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#WriteTip Elements of a Subplot #writers #writing #amwriting

Elements of a Subplot

By  Reposted with permission from Write Divas

 

We have previously discussed the elements of plot, but I’m going to give you a quick refresher. There are five basic elements of plot: exposition, rising action, climax, falling action, and resolution. Exposition is back story. Rising action is the action leading up to the climax. This is where the story builds. The climax of the story is where the action comes to a head. The falling action is the action that follows the climax and leads to the resolution. The resolution of the story is just what it sounds like: the end.

The elements of plot govern not just the main plot, but the subplots as well—and these elements can even be applied to a series arc, but that’s another article. A story can have no subplots or multiple subplots, including a combination of types of subplots. Subplots can be short or they can weave throughout a story to the very end. Your use of subplots can be as complicated or as simple as you desire. There are two types of subplot and we will cover them below.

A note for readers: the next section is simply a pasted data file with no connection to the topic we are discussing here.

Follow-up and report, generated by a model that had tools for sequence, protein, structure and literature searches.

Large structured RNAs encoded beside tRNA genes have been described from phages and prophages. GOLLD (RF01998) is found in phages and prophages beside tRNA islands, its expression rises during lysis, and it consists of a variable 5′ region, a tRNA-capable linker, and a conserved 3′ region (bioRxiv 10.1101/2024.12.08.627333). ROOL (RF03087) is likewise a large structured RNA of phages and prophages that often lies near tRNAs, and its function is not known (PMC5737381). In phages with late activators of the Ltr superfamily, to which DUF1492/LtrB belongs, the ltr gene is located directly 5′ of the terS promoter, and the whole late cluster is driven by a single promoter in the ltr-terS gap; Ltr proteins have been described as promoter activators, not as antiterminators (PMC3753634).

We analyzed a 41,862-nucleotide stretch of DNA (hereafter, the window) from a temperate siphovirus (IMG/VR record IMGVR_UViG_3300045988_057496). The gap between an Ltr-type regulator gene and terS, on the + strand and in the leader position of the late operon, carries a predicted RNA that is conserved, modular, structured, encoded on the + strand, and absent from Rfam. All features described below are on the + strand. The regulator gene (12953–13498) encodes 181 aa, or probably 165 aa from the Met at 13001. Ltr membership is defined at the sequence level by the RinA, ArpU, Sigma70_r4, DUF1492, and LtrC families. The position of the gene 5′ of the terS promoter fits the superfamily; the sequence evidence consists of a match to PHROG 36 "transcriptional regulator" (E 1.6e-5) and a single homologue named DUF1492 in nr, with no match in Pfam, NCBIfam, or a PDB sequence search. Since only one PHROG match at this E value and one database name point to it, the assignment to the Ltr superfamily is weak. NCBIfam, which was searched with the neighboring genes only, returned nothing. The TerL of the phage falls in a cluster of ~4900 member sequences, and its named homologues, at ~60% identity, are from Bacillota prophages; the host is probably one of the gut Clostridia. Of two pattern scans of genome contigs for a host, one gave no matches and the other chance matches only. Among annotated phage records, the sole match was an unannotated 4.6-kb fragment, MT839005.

Parallel subplot: This type of subplot is a plot that runs beside the main plot of the story and does not affect it. This type of subplot enhances the main plot but isn’t connected to it.

Interwoven subplot: This type of subplot that is affected by and affects the main plot.

If you choose to include a subplot, make sure that it has all the elements of plot. That means your subplots need exposition, rising action, climax, falling action, and a resolution. If it is missing one or more of these elements, this is an unfinished plot or dangling plot.

To say that incomplete plotlines are annoying is a vast understatement.

I recommend as par for the course in drafting a novel that you map out your plots. As an editor, I routinely do this. Just by simply filling in a few lines about each plot in your story, you can not only keep things straight, but you can see right where the problems are.

The form I created to track plots looks something like the table below.

 

-MAIN PLOT-

 

Protagonists:

Antagonists:

Summary:

Conflict(s):

Theme(s):

 

Plot Elements

 

Exposition:

Rising Action:

Climax:

Falling Action:

Resolution:

 

-SUBPLOT-

 

Type of Subplot:

Relation to Main Plot:

Relation to Other Subplots:

Placement in Story:

Protagonists:

Antagonists:

Summary:

Conflict(s):

Theme(s):

 

Plot Elements

 

Exposition:

Rising Action:

Climax:

Falling Action:

Resolution:

 

 

So try mapping your plots. You’ll see a vast improvement in the way your story unfolds and you can forgo those embarrassing dropped plot lines.

Now back to writing. :)

 

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